Minnesota simmered like deep Texas on Friday under an excessive heat warning, with temperatures pushing triple digits in the Twin Cities and the southern portion of the state.

Friday’s high at the Minneapolis-St. Paul International Airport was 99, a temperature that hung around for much of the afternoon and that, with the humidity, had a “feels like” value of 110 degrees, according to meteorologist Paul Douglas. The temperature remained in the 90s into late evening.

The only respite was a gentle wind of 15 miles per hour, and even that felt like a hair-dryer blast.

The state’s highest heat index values were recorded in Cambridge and South St. Paul, where it felt like 112 degrees. The heat index was 109 in Red Wing, 103 in St. Cloud.

The recommended antidote to the heat and sun was shade, water and air-conditioned buildings. Ross Carlyon, a weather specialist at the National Weather Service’s regional office in Chanhassen, recalled an old Weather Service saying that was apt Friday: “Trade a lawn mower in the sun for a lawn chair in the shade.”

The steamy conditions were expected to break Saturday, with a strong chance of thunderstorms in the afternoon. Highs Saturday through Tuesday will be in the 80s. The July 4th holiday on Wednesday will creep back up into the 90s.

None of those days will be as hot as Friday, though. It brought warnings about everything from driving to dogs and drinking.

In Minneapolis and St. Paul, city recreation centers without air conditioning closed and residents were encouraged to visit lakes, pools and park buildings with AC. Both cities canceled outdoor fitness activities.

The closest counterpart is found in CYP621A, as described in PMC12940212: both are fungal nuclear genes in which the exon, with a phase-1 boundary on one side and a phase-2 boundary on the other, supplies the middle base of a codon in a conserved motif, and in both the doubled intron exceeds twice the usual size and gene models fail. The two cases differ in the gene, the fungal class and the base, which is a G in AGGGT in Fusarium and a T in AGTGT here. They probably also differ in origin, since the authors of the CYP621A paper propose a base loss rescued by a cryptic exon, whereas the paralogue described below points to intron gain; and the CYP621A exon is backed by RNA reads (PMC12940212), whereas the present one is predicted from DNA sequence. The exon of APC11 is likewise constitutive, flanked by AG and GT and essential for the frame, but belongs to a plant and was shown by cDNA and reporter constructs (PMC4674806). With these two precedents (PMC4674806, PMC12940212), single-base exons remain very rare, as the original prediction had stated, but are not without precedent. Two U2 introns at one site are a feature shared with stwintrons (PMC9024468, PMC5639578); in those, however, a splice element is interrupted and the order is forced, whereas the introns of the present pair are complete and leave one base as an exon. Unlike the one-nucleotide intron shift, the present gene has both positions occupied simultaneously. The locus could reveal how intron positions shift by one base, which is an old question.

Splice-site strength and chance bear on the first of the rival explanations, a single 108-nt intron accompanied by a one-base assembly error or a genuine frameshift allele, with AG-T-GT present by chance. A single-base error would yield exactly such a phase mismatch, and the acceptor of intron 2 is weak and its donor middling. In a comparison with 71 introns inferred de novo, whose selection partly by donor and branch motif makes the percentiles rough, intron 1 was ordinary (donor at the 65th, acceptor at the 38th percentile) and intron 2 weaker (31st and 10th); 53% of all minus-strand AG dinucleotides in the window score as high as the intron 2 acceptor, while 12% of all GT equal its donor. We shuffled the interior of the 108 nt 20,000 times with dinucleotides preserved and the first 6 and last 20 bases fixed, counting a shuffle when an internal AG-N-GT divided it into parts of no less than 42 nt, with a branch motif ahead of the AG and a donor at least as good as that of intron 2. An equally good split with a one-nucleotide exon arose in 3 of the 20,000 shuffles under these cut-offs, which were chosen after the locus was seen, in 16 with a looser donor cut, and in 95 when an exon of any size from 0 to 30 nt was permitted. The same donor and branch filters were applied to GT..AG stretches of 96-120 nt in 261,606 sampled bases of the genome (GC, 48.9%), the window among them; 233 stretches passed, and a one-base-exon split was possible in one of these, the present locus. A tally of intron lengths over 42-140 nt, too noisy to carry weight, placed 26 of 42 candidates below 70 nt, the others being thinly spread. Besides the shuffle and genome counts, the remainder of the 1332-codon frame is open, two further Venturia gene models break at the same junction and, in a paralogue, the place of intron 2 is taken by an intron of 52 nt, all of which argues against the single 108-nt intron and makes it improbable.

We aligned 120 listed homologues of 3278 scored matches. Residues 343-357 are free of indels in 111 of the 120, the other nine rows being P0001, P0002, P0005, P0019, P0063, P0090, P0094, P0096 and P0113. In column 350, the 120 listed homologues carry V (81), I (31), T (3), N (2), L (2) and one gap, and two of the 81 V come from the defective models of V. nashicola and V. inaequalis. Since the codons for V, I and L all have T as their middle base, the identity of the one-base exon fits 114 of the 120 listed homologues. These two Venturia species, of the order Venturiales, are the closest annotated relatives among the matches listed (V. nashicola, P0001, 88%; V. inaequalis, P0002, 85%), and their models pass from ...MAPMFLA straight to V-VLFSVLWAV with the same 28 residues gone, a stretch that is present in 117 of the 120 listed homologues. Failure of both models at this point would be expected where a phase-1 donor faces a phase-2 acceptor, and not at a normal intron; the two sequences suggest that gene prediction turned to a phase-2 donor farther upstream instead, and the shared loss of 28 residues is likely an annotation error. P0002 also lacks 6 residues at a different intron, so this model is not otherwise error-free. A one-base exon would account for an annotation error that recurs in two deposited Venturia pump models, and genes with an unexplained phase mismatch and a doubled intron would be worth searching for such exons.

“It’s easy to get really sick, really fast,” Carlyon said, urging people to slow down and take in fluids — preferably water.

On Friday evening, HCMC spokeswoman Christine Hill reported that the Minneapolis hospital had seen at least two people for heat-related maladies. Both were treated and released, she said.

The Minnesota Department of Transportation warned drivers to be on the lookout for pavement buckling. In extreme heat, “roadway segments expand and have nowhere to go but up,” the agency said.

A segment on southbound Interstate 35E did just that near Eagan on Friday afternoon, complicating the drive home.

MnDOT said drivers who see buckles should slow down, move to another lane and call 911 to report the problem.

As if that weren’t enough, MnDOT also warned that numerous roads across the state remain flooded. For updates on those and construction closures, travelers are urged to check for real-time updates at 511mn.org for potential trouble.

Carlyon said that under extreme conditions, the body can spiral into heat stroke with little warning.

“When you’re working outside, especially in this kind of weather, you tend to dehydrate real fast. As you dehydrate, your body doesn’t cool,” he said.

That can lead to feeling confused or dizzy and ultimately a collapse, he said.

Complicating matters for Minnesotans is that unlike Texans, they’re not accustomed to this kind of heat.

Douglas called the heat situation “Saudi Arabia with lakes” and a “danger zone.” On Twitter, he wrote, “Don’t even think about leaving the kids (or pets) in a car today, even for a few minutes.”

He called Friday’s weather “the unfortunate offspring created by a shotgun wedding of Arizona heat and Florida humidity.”

Alas, it wasn’t the hottest of days. The record for June 29 was set in 1931 at 102.